Date of Award

5-12-2017

Degree Type

Dissertation

Degree Name

Doctor of Philosophy (PhD)

Department

Educational Policy Studies

First Advisor

Dr. Joyce E. King

Second Advisor

Dr. Jodi Kaufmann

Third Advisor

Dr. Vera Stenhouse

Fourth Advisor

Dr. Davis Stinson

Abstract

The purpose of this ethnographic study was to gain a deeper understanding of how pedagogical dialogue functioned in a course on multicultural education theory in a college of education. The focus of the study was on the pedagogical dialogue that took place between a professor and students. The setting of the study was a classroom within an urban university located in the southeastern region of the United States. Data collection consisted of interviews, research field notes, and observations; the data were then analyzed for recurring themes. The theoretical foundation for this study was based on the communicative theories of Paulo Freire and Jurgen Habermas; that is, the manner in which their theories have restructured the praxis found in the dialogical learning processes.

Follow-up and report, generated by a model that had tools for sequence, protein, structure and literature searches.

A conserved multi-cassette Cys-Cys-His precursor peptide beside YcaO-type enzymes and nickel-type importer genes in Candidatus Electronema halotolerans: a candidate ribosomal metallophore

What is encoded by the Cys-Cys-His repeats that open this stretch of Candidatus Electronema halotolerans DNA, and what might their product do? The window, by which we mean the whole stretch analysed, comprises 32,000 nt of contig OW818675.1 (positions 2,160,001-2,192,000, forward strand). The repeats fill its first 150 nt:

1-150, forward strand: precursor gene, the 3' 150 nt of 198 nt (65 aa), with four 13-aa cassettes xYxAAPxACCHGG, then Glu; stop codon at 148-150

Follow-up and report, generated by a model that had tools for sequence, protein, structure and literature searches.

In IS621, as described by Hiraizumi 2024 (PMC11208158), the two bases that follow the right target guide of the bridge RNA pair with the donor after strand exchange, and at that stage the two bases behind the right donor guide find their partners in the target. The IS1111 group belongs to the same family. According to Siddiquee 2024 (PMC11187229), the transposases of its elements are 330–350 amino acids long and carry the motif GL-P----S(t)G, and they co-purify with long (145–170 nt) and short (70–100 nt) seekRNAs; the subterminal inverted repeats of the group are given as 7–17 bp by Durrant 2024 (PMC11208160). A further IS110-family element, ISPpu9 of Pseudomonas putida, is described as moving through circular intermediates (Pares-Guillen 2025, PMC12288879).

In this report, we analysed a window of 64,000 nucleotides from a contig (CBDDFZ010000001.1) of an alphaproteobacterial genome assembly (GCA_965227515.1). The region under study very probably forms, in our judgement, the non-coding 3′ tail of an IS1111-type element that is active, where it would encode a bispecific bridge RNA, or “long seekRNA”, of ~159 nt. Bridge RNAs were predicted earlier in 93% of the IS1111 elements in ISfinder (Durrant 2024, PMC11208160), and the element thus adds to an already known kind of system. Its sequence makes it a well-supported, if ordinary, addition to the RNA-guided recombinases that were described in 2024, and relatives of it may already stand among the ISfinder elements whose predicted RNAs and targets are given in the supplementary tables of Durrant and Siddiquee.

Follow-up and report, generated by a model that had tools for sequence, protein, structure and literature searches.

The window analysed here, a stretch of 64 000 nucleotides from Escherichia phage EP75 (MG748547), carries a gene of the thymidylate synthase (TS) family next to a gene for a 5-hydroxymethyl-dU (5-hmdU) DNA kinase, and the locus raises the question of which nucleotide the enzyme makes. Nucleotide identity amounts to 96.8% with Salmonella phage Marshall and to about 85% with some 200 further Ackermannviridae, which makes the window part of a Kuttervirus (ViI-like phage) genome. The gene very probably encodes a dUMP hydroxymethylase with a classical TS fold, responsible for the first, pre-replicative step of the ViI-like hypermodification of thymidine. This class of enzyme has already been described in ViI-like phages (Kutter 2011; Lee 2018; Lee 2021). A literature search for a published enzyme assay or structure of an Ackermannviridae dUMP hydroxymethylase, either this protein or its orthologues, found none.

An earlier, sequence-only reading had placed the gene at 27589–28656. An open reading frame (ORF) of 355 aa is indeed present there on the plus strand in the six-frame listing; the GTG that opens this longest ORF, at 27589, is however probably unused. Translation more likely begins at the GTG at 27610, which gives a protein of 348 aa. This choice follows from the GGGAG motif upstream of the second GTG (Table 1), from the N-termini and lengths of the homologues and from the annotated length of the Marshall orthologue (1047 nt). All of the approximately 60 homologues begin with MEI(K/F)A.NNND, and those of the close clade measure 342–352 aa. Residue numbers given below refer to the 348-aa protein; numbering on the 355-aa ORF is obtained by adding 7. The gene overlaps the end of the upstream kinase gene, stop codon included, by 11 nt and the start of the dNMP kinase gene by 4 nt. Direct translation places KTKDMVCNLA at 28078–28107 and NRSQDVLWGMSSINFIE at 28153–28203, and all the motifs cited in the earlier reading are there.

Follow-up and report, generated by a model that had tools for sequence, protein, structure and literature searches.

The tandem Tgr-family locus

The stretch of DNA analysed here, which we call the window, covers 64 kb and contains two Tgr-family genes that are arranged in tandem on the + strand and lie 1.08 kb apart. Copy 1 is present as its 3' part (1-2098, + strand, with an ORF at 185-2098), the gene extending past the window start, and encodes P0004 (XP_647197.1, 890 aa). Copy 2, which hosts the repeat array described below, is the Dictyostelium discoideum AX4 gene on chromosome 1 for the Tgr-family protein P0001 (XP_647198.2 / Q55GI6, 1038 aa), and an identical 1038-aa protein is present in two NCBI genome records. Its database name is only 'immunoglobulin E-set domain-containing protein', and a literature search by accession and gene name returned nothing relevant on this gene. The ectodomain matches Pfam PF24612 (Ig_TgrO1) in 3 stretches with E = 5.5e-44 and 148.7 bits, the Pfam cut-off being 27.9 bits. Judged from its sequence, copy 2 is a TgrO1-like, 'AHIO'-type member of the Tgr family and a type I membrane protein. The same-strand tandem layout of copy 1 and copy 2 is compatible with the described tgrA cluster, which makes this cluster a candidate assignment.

The aim of the study was to investigate the manner in which dialogue mediates the realities of human need and an individual’s capacity to reflect and act in liberating ways. Freire and Habermas position the act of communication (particularly dialogue) as the key to human understanding and personal/political liberation. The method of analysis focused on meaning gained from thematic analysis sought through processes of feedback such as interviews and observations. It is hoped that this study will serve as a catalyst to spawn further research within the field of teacher education, pedagogy, and the impact that dialogue has on the instructor’s relationship with his or her students.

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